EUGENIE BOUCHARD: For sure disappointment. I’m always disappointed with a loss. I expect a lot from myself. You know, I felt like I was close today and just came up a bit short.
You know, that happens sometimes. I feel like, you know, I played a lot of good matches the past two weeks, three weeks even, and so it’s sad to see it come to an end.
But, you know, it just motivates me that even if I wasn’t playing, you know, great, I was still so close. That just gives me extra motivation to work hard in practice and, you know, get ready for the next one, and you know, have that belief that I can do it.
Q. Despite the loss today you have been on an incredible upward trend. In a word or two, what do you consider your greatest strengths and what’s the one thing you want to work on most?
EUGENIE BOUCHARD: I think, well, my game is definitely more of an aggressive one. I like to step in and take the ball early. I think that helps me control the points because I take time away from my opponent.
But also mentally I feel like I compete well, and I’m always in the match no matter what. I think at this stage of the game is so mental that it’s important to have that mental kind of advantage. I think I just have this self confidence on the court every time I walk on the court.
Improving, well, I mean, there is always everything to improve. For today I see how close I am, but there is still a lot of things I could have done better. And, you know, who knows what happens if you can, you know, change a few things.
I definitely want to work on my finishing shots. Everything, really. Serving a little bit better. Returning. I missed a few returns at key moments today. I think that’s important to work on.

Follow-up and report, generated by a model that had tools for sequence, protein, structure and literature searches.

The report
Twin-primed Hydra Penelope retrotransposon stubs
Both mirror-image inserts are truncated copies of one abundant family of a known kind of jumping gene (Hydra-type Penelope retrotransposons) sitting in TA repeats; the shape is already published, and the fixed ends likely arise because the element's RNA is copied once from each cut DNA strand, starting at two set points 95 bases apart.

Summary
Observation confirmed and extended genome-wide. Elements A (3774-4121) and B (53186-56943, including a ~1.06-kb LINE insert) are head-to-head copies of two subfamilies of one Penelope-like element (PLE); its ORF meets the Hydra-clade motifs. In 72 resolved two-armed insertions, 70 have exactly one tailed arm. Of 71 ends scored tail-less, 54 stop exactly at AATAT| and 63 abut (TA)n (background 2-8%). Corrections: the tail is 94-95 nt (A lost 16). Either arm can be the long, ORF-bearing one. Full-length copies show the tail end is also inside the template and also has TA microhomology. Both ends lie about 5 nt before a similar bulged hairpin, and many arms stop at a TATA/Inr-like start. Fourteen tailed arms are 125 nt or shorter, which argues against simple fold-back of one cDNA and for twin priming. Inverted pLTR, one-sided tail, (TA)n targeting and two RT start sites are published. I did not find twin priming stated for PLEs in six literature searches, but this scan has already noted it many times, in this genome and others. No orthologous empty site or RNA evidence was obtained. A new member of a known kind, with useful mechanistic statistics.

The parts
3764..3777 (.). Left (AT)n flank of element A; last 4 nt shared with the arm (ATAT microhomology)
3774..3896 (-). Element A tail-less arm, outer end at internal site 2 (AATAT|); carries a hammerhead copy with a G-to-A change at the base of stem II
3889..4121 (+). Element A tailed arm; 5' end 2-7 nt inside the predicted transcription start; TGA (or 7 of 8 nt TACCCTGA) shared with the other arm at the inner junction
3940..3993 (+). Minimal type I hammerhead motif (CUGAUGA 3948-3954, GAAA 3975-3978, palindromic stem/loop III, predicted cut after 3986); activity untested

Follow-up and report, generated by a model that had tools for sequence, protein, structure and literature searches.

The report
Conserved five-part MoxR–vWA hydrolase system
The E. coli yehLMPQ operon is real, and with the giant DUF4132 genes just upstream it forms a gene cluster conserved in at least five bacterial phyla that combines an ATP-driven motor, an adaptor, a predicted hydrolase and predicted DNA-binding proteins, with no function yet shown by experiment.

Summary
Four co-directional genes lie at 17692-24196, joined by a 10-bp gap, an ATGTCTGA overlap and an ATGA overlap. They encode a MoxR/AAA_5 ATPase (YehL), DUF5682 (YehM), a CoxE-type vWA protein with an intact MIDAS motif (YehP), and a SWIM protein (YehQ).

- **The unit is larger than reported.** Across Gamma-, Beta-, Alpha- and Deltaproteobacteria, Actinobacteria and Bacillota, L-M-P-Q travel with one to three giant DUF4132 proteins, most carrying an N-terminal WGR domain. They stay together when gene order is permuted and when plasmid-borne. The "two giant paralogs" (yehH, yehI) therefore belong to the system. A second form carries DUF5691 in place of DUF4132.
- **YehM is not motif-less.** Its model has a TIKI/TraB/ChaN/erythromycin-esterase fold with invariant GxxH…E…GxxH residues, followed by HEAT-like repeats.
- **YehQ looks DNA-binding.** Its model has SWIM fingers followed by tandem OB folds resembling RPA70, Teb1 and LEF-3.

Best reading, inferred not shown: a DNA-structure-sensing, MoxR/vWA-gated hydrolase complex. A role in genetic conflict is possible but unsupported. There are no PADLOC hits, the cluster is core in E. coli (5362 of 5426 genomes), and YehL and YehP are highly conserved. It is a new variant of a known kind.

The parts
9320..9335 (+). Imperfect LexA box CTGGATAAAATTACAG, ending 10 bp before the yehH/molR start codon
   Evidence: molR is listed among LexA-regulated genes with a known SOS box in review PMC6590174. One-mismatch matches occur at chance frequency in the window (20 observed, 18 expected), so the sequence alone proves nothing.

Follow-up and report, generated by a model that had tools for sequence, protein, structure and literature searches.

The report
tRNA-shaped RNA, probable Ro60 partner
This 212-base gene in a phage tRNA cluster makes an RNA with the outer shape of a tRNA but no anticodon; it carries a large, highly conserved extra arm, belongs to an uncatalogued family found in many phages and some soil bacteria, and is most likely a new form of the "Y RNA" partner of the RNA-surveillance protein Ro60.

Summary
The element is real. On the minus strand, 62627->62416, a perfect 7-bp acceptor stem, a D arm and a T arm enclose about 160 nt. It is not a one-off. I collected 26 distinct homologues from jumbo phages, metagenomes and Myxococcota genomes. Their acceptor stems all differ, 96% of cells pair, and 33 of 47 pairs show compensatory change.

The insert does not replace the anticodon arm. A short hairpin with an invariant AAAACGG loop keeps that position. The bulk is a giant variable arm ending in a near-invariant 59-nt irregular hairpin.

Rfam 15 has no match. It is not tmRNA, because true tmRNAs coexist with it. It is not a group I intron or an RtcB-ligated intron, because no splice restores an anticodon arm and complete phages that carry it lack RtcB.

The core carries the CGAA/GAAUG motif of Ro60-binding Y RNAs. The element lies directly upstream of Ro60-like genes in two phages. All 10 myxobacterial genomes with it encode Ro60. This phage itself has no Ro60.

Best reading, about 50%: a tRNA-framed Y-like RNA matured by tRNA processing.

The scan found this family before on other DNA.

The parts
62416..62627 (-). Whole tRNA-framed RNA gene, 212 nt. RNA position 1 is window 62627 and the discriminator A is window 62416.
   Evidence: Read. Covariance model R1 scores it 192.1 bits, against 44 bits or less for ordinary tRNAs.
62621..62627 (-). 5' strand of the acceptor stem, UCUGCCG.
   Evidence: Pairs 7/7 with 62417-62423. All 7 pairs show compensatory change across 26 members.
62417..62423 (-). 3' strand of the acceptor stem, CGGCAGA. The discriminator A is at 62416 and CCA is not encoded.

Q. At the beginning of the year, were you convinced as well that you could be that strong a player, even on clay? What’s your best surface? If you have to play the match of your life, which is the surface you’re going to choose, please?
EUGENIE BOUCHARD: Well, I feel good on all surfaces. I wouldn’t say I don’t like this surface or that surface, but I think I have improved my game on the red clay here in Europe.
So I think I adjusted to red clay when I arrived here in Europe and in Paris, but apart from that, I think I like grass quite a lot. This is my favorite surface, which is good, because now we’re going to play on grass.
Q. Will you go to Birmingham first or will you have a short rest because you have played many matches recently? Will you take one or two days off to visit Paris or something else?
EUGENIE BOUCHARD: Well, yeah. The time has come for me to have a little rest. I have played so much recently. I have had a tournament before Roland Garros that I had to play, and I have played until now.
So it’s been three long weeks for me. I need therefore to rest for a little while, and then after this I’ll see. I’ll stop practicing on clay, but first I will take one or two days off, that’s true.
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EXCLUSIVE: International Tennis Federation Sheds Light On Coronavirus Fight